June 12, 2014
EXCLUSIVE: Press Opportunity to Photograph and Videotape Original Civil Rights Act of 1964 in Advance of 50th Anniversary
Civil Rights Act 50th Anniversary is July 2, 2014
In honor of the 50th anniversary of the signing of the Civil Rights Act of 1964, the National Archives will host an informal press-only opportunity to photograph or videotape several pages of the original Civil Rights Act of 1964 before it is put on display in the National Archivesí new permanent exhibition "Records of Rights" in the David M. Rubenstein Gallery. RSVPs are requested; please email email@example.com.
The first and signature pages of the Civil Rights Act will be on public display at the National Archives from June 18 through September 16, 2014. Note: the original signature page will be on display through July 13 and will then be replaced with a facsimile.
The Civil Rights Act, signed into law by President Lyndon Johnson on July 2, 1964, prohibited discrimination in public places, provided for the integration of schools and other public facilities, and made employment discrimination illegal. This document was the most sweeping civil rights legislation since Reconstruction.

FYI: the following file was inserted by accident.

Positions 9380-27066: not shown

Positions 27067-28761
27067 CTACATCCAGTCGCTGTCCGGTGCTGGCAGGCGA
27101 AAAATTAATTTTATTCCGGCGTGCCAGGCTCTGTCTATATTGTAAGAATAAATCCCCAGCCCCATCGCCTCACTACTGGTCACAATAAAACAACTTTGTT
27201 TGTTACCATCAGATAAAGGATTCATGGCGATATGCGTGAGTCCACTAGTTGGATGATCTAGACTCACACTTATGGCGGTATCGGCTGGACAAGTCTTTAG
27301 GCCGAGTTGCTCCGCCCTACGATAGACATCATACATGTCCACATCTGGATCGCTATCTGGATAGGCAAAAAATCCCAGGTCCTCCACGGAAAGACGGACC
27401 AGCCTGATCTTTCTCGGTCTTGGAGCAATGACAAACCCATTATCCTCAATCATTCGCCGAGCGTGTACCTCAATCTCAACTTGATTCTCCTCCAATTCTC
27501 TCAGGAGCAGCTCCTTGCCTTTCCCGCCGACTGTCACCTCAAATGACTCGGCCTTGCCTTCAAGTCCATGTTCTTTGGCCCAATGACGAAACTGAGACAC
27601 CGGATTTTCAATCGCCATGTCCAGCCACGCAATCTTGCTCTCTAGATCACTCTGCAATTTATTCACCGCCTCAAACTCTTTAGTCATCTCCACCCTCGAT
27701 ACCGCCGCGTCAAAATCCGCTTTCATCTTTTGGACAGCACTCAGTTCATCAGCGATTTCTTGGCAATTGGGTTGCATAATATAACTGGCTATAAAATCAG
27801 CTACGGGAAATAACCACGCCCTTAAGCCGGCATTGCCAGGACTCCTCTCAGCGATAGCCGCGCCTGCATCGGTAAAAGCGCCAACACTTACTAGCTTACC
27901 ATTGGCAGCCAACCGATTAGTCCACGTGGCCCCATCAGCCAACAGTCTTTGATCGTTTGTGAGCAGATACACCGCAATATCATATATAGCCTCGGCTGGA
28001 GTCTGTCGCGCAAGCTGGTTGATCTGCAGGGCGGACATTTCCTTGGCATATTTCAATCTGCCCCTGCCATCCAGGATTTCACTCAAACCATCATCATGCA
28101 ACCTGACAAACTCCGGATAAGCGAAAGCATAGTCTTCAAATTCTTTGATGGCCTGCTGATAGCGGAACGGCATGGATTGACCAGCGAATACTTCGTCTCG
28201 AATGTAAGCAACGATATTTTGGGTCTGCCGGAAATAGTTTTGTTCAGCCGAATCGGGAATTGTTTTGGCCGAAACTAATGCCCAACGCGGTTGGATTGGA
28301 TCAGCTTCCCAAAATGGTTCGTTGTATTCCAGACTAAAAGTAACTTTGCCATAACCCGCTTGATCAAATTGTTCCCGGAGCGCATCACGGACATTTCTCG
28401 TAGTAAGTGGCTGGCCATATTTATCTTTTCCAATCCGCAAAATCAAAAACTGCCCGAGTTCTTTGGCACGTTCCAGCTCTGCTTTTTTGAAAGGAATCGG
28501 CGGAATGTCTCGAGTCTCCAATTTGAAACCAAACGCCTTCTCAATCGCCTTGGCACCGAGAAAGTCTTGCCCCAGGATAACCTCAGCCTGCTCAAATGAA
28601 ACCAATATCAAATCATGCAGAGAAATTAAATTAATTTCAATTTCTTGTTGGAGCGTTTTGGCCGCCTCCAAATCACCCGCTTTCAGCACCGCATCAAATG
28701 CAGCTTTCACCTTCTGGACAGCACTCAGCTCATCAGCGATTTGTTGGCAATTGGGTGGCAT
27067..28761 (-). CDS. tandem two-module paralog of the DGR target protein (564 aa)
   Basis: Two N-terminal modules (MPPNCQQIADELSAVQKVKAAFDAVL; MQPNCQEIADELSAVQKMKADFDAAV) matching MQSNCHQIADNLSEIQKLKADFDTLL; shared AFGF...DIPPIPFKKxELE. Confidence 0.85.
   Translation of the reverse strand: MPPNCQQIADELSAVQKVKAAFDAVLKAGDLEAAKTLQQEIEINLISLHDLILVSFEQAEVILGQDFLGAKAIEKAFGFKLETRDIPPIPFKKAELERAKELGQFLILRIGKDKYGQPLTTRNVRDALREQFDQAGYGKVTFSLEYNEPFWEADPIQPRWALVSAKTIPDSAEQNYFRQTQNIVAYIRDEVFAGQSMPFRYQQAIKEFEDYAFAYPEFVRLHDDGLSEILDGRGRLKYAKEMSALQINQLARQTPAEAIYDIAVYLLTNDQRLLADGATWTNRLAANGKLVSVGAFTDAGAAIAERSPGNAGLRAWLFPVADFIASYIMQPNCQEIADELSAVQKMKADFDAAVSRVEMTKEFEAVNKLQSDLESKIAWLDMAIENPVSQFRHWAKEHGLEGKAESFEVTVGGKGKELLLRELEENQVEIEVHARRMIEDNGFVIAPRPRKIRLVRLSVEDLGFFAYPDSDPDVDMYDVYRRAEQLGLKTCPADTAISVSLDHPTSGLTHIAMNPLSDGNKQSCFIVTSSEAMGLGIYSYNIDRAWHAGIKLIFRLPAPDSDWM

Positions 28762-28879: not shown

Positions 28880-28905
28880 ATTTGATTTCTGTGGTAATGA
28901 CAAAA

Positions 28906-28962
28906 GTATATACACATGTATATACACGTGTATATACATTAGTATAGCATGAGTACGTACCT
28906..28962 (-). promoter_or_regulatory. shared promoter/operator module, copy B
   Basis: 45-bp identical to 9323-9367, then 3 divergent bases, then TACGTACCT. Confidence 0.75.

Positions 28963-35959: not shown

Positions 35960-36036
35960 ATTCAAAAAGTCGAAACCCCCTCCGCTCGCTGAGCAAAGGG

Tuesday, June 17, 2014, from 10 a.m. until 11 a.m.
National Archives Conservation Lab, National Archives, Washington, DC
Note: Please use 700 Pennsylvania Avenue entrance.
Metro: Archives-Navy Memorial-Penn Quarter Station
Please Note: No Artificial Light May Be Used on the Document.
See National Archives "Documented Rights" online exhibit section on civil rights [www.archives.gov/exhibits/documented-rights/exhibit/]
DocsTeach online resources and related lesson plans for educators [http://docsteach.org/documents/299891/detail]
"Records of Rights" is free and open to the public and is on permanent display in the David M. Rubenstein Gallery of the National Archives Museum in Washington, DC. The National Archives is located on the National Mall on Constitution Avenue at 9th Street, NW. Museum hours are 10 a.m. to 5:30 p.m., daily.
"Records of Rights" uses original documents, photographs, facsimiles, videos, and interactive exhibits to explore how Americans have worked to realize the ideals of freedom enshrined in our nationís founding documents, and how they debated issues such as citizenship, free speech, voting rights, and equal opportunity. Exploring many stories–and showcasing the drive for civil rights for African Americans, women, and immigrants–the new exhibition chronicles the past and current generations whose efforts to secure equality under the law have shaped the country we live in today.
Through a companion website, RecordsofRights.org the public can experience the exhibition beyond the gallery walls.
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For press information, contact the National Archives Public Affairs staff at 202-357-5300.